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On public service, mental health challenges, and knowing when to STFU

By now, we who pay attention to Texas politics have all heard the story.

An elected official mysteriously disappears for weeks. Rumors abound. When the official re-surfaces, there are acknowledgements of terrible bouts with depression, attempts at treatment, and working to get better and return to the job.

And yet, nobody gets in the newspaper calling for that official’s resignation.

Wait – did you think I was talking about the situation surrounding Republican Dallas County District Attorney Susan Hawk?

Nope. I was talking about Democratic State Representative Garnet Coleman of Houston. Mr. Coleman suffered from his own debilitating condition, disappeared from view for a time, fought his way back, and has since for years been an absolutely essential voice in so many policy discussions that I’ve lost track. He is deeply-respected by members of both political parties.

I’m not spilling any state secrets here – he has been very open about his situation in his years-long efforts to advocate for progress on mental health issues.

By my memory, no high officials in the Texas Republican Party called for Representative Coleman to resign. Maybe they did and I just missed it. But if they had, and if he’d heeded those calls, the state of Texas would have missed out on Coleman’s hefty accomplishments, which include increasing access to health care for more than 600,000 children on Medicaid, securing an increase of more than $161 million dollars for at-risk child care services, and co-authoring the legislation that brought the Children’s Health Insurance Program (CHIP) to Texas. Those are just the top-lines to Coleman’s public service. You can read more about Mr. Coleman and his accomplishments here.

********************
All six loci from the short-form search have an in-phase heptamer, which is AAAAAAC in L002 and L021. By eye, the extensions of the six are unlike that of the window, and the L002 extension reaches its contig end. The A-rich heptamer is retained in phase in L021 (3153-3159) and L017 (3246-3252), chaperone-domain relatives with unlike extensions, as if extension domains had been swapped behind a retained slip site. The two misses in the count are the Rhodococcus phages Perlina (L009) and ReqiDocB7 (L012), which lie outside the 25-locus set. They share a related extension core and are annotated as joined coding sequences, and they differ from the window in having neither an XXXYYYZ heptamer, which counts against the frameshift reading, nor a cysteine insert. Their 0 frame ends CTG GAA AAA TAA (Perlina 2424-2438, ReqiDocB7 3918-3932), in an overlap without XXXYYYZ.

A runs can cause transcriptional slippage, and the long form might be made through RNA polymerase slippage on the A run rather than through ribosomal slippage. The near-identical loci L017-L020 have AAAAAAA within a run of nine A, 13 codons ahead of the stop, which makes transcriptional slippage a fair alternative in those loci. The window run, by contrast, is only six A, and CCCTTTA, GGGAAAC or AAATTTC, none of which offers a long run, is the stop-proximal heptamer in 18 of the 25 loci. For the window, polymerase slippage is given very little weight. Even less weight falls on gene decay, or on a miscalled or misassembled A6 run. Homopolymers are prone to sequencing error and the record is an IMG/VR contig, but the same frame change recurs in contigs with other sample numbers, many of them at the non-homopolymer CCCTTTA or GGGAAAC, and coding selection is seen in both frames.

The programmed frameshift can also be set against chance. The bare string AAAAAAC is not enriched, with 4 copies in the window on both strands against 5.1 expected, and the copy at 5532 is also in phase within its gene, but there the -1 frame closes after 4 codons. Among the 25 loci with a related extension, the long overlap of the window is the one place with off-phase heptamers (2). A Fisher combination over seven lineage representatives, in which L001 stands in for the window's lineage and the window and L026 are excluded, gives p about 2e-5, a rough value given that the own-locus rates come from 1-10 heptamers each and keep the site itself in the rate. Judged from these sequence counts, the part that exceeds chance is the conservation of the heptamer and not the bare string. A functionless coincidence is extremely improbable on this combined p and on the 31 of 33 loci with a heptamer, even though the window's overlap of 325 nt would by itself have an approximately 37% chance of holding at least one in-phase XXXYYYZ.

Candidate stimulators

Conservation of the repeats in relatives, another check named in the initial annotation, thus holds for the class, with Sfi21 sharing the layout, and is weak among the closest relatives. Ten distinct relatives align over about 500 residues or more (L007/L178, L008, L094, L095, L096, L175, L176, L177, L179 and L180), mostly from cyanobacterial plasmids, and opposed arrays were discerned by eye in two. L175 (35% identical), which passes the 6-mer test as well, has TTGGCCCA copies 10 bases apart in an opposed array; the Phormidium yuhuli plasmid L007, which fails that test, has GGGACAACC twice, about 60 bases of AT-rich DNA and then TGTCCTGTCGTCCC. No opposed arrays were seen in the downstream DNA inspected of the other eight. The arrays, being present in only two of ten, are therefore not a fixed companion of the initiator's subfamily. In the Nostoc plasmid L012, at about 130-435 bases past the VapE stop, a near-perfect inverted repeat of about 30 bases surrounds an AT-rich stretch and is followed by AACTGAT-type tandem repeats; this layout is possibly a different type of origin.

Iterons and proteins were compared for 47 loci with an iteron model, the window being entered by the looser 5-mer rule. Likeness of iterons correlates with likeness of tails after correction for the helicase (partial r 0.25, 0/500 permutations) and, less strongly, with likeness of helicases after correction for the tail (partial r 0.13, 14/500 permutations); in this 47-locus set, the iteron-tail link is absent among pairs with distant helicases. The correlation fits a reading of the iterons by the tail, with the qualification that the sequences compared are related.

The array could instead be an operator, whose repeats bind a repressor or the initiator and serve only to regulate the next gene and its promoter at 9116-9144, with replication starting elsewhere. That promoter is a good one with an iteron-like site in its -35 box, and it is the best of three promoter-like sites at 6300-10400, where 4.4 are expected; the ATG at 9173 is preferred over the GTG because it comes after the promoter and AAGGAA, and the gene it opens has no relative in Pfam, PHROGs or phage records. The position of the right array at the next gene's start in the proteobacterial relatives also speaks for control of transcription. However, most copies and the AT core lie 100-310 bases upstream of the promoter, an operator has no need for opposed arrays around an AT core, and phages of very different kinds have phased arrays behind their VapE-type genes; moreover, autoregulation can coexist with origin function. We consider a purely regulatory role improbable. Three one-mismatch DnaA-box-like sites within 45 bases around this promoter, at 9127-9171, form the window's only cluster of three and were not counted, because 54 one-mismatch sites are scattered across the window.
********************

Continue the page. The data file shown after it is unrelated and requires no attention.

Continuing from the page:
On the issue of Dallas County D.A. Hawk, however, immediately following her disappearance from public view, and subsequent disclosure that she’s in treatment for her own mental health issues, Dallas County Democratic Chairwoman Carol Donovan wasted no time in calling for Hawk’s resignation. It was a classless move, and Donovan should be ashamed of herself.

Donovan couched her statement in terms of being concerned for Hawk’s well-being:

In view of the facts that have just recently been revealed, Susan owes it to herself, not to mention her nearly 500 employees and the taxpayers, to resign and to concentrate on getting well.

Donovan might  be practicing psychiatry without a license. Alternatively, she might be committing political malpractice with her own acute political tone-deafness condition. And, incidentally, unless Donovan can point us to where she was quoted calling on Representative Coleman to resign when he was in the midst of his own difficulties, she’s also being hypocritical. In any event, she seems to have accomplished nothing other than to increase the already-existing stigma associated with mental health issues.